On Thursday, March 13th, Adrionna Harris, a Bayside Middle School student in Virginia Beach, Virginia, convinced her classmate to stop harming himself. She then confiscated a razor blade that he had brought with him to school. The event happened at the end of the school day. Because she didn’t want to get in trouble for possessing the blade, she threw the blade away in the nearest trash can. She didn’t tell anyone of the event, as she didn’t think it was such a serious matter. At school the next day, she went to report the incident. She was suspended.
“’Even if I got in trouble, it didn’t matter because I was helping him… I would do it again even if I got suspended, yes,’ she said.”
Following that Thursday’s events, she was not allowed to attend school. And throughout the week following the events, news broadcasts highlighted that she faced possible expulsion. The Virginia Beach School Board nor the school made a public statement.
Adrionna has since been cleared of further action, as the school system received quite a bit of negative outcry from the community. She returned to school late last week after her final hearing.
In Virginia Beach City Public Schools, there is a ‘zero tolerance policy‘. It states that:
“a student in possession of ‘…any weapon (which a razor can be) … shall automatically be recommended for long-term suspension or expulsion.’”
Local attorney Kevin Martingayle has since begun advocating for a change to that policy. In an interview with WAVY News 10’s, Martingayle explained the flaws with zero tolerance.
“My opinion: zero tolerance takes common sense out of the equation…
“To some extent, it appears some of the school board policies tie the hand of the principal. I think the school board should take out any automatic trigger language, and let the principals make decisions on a case by case basis… they run the schools, and they should make the decisions.”
The Virginia Beach School Board has yet to make any comment on changing the policy, though the school did agreed that Adrionna took the right course of action with her classmate. And while Adrionna saved someone’s life, and she had to deal with disciplinary action. These events raise many questions:
- What happened to the young man who was harming himself?
- Has he faced disciplinary action?
- Were any services encouraged or provided for him?
- Have Adrionna’s and the young man’s families been in contact since the event?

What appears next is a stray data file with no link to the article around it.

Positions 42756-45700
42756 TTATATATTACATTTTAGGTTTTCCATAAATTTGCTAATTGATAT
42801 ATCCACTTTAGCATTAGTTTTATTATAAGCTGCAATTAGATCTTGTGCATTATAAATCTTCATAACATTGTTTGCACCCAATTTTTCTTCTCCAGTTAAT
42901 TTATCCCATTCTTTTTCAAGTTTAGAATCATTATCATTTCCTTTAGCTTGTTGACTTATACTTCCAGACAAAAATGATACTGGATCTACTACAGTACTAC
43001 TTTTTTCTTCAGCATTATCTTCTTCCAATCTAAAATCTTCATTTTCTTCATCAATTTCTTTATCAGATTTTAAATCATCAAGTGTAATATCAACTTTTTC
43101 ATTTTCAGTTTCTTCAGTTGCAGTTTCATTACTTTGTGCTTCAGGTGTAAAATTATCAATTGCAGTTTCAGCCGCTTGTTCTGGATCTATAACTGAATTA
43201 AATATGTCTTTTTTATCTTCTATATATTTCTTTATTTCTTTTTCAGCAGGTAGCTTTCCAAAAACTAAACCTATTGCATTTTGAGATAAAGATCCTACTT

- Are officials simply sweeing a serious issue under the rug by not publicly discussing self-harm and suicidal ideation?
Are there other questions that have yet to be added to this list? As a community, it is our responsibility to respond and act upon these types of injustices, especially when they concern youth.
The fact that there were no reports done on the young man, who truly benefitted from Adrionna’s actions, is telling. Sure, there is a matter of confidentiality; perhaps the family didn’t want to disclose their son’s identity and wanted to maintain their privacy. However, I think a greater lesson can be taken away here. This is evidence that our society continues to avoid just how stigmatized suicide and suicidal ideation is. If the school and/or family were comfortable in speaking more positively about the issue, rather than directing all attention toward Adrionna, perhaps we could be taking more steps toward suicide education and prevention in our schools.
The board, the school, the families and the community aren’t the only factors. I would even go further to say that journalists who have since reported on the issue have yet to tackle the case of self-harming and suicidal ideation. By ignoring this perspective all together, the media further cements suicide as an acceptable and normal aspect of society.
We need to change this. As concerned members of society, we can help change it simply by talking about it more. We can raise these questions with the media. We can express our concerns with school boards and schools that our children, siblings, neighbors and friends attend. We have to start these conversations now. Students, whether we know them personally or not, are growing up in a society where depression and suicide exist — but are rarely discussed. It’s our responsibility to help these students by taking preventative measures.